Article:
Our entire team is held accountable for these success metrics, which means we do whatever it takes to help our clients get there. This can include planning, development and growth, but is often also strategy, fundraising help, and more.

Why does your strategy require the definition of a minimum viable product (MVP)?

Shostak: We’ve spent years perfecting data-driven internal IP to deliver reliable, high-quality products quickly. We use it to help entrepreneurs quickly reach the market with an MVP.

MacRae: Defining that MVP comes down to creating value in the real world, but also to detaching ourselves emotionally from pleasant people. They can always be added later! As a result, we reduce the amount of time and iteration cycles to find the fit for the product market. Our customers save time and money, which will be invested in the growth of their products. Our customer Move with us used this approach to cut development time in half, achieving tremendous success in both Australia and the United States

But before that, do the prototyping. Why?

Shostak: Whether you are a person with an idea or a large business, we always start with a self-design phase and an interactive prototype. It allows us to visually examine the design as we build an industry-leading front-end experience. In the words of Steve Jobs, we like to start with the user experience as well [work backward to the technology].

This also serves as a great starting point to raise capital, gain stakeholder consensus or validate their idea before taking the steps to full development. We are extremely proud of customers such as Good Empire Other Fleece that they have been able to raise [funding] even before development.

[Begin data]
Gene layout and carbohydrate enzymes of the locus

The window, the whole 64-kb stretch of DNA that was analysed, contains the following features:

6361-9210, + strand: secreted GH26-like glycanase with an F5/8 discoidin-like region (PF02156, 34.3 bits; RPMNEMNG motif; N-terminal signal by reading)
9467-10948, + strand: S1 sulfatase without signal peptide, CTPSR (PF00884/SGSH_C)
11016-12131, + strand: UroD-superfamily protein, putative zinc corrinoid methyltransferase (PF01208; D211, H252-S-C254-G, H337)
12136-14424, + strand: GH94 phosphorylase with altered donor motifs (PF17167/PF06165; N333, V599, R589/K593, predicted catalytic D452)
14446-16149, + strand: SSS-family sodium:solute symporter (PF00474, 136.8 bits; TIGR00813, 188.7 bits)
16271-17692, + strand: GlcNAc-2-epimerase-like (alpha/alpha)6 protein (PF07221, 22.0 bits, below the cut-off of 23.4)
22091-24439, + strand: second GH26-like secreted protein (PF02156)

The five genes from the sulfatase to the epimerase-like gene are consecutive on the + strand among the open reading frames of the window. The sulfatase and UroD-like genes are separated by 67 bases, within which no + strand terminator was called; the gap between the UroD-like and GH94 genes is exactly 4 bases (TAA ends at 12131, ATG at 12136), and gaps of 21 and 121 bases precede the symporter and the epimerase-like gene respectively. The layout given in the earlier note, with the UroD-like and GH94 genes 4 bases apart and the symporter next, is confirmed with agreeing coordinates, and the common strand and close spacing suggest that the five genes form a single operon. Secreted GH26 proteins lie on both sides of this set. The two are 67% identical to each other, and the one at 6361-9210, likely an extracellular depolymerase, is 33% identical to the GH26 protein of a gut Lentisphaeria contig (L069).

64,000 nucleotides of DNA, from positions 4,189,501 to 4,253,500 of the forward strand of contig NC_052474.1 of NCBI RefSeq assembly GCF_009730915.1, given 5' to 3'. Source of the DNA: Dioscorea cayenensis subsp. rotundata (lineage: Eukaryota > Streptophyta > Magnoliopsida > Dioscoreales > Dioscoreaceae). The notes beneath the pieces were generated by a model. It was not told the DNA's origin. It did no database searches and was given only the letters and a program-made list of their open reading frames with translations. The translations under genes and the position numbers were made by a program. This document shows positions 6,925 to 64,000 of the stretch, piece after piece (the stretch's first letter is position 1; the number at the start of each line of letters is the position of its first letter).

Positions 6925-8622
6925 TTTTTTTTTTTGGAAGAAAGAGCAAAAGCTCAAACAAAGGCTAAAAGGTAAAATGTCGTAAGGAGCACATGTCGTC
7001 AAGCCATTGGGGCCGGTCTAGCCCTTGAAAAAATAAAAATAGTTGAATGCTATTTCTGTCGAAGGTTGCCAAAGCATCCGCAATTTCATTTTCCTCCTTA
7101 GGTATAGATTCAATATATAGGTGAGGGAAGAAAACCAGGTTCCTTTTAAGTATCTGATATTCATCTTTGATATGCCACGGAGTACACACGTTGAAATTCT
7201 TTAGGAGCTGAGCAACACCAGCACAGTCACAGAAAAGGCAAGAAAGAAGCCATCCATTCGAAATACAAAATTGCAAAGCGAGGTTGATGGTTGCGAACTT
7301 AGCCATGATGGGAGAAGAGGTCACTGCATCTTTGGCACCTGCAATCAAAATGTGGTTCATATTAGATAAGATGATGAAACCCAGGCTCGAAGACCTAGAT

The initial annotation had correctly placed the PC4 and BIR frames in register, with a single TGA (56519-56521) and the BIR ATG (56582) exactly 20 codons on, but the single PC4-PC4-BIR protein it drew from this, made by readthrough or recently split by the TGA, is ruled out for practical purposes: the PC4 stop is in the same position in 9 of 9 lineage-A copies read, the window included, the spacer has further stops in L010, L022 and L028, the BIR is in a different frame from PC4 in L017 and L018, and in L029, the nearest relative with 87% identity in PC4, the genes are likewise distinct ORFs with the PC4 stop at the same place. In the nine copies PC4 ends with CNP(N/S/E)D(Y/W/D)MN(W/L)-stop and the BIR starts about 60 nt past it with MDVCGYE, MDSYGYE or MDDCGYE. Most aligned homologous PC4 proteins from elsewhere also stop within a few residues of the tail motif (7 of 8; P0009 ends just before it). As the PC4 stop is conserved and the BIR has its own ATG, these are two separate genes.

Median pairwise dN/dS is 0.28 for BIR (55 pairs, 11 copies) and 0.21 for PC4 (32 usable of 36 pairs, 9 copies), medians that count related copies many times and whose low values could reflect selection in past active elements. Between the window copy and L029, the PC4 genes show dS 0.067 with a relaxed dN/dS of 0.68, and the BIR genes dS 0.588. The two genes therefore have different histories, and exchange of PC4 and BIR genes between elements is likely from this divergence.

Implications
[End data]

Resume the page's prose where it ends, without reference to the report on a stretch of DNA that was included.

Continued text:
Why do you appreciate the quality of the design?

MacRae: On the App Store, you have a few seconds to convince a user to download your app. On the web, if you don’t convert a visitor in seconds, they’re gone forever. So, in the beginning, design excellence is a matter of understanding what users want. This speeds up user acquisition. And once you’ve registered your user, a strong user experience keeps them.

We also believe that product design is not just a creative field; It’s a question of performance – one design will always outperform the other. We try to centralize the teachings of all our projects to design based on proven tactics to minimize risky assumptions.

How do you share knowledge internally?

MacRae: Appetizer has created more internal IPs than most agencies. This includes our base plate; our gold standards to unify the team based on best practices, which a large part of our team continually investigates, tests and repeats; and our teaching materials and courses.

For the latter, we have established the University of the Aperitif. It has a growing curriculum of manufacturing-relevant topics such as standards, best practices, and guidelines, and also covers topics like economics, CRO, and data analytics. Antipasto employees even have weekly exams that ask them to apply what they have learned.

What are some of your plans for next year?

Shostak: With a remote culture, our plan has always been to hire the best talent in the world. This started with a focus on Asia Pacific first. So far we are in Davao, Cebu, Manilla, Melbourne and Sydney. In 2022, we are looking to expand it to some other continents [ … ] and you can expect to see us in the US within the next 12 months.

Additionally, starting in 2022 and beyond, we want to build our startup community and platform and expand it globally. From collaborating with investors, crowdfunding platforms, lawyers and accountants to creating our educational content. We want to enable startups to conquer international markets. And we’re also building an incubator called Appetizer Ventures, where we’ll help accelerate client start-ups further and even potentially build some in-house.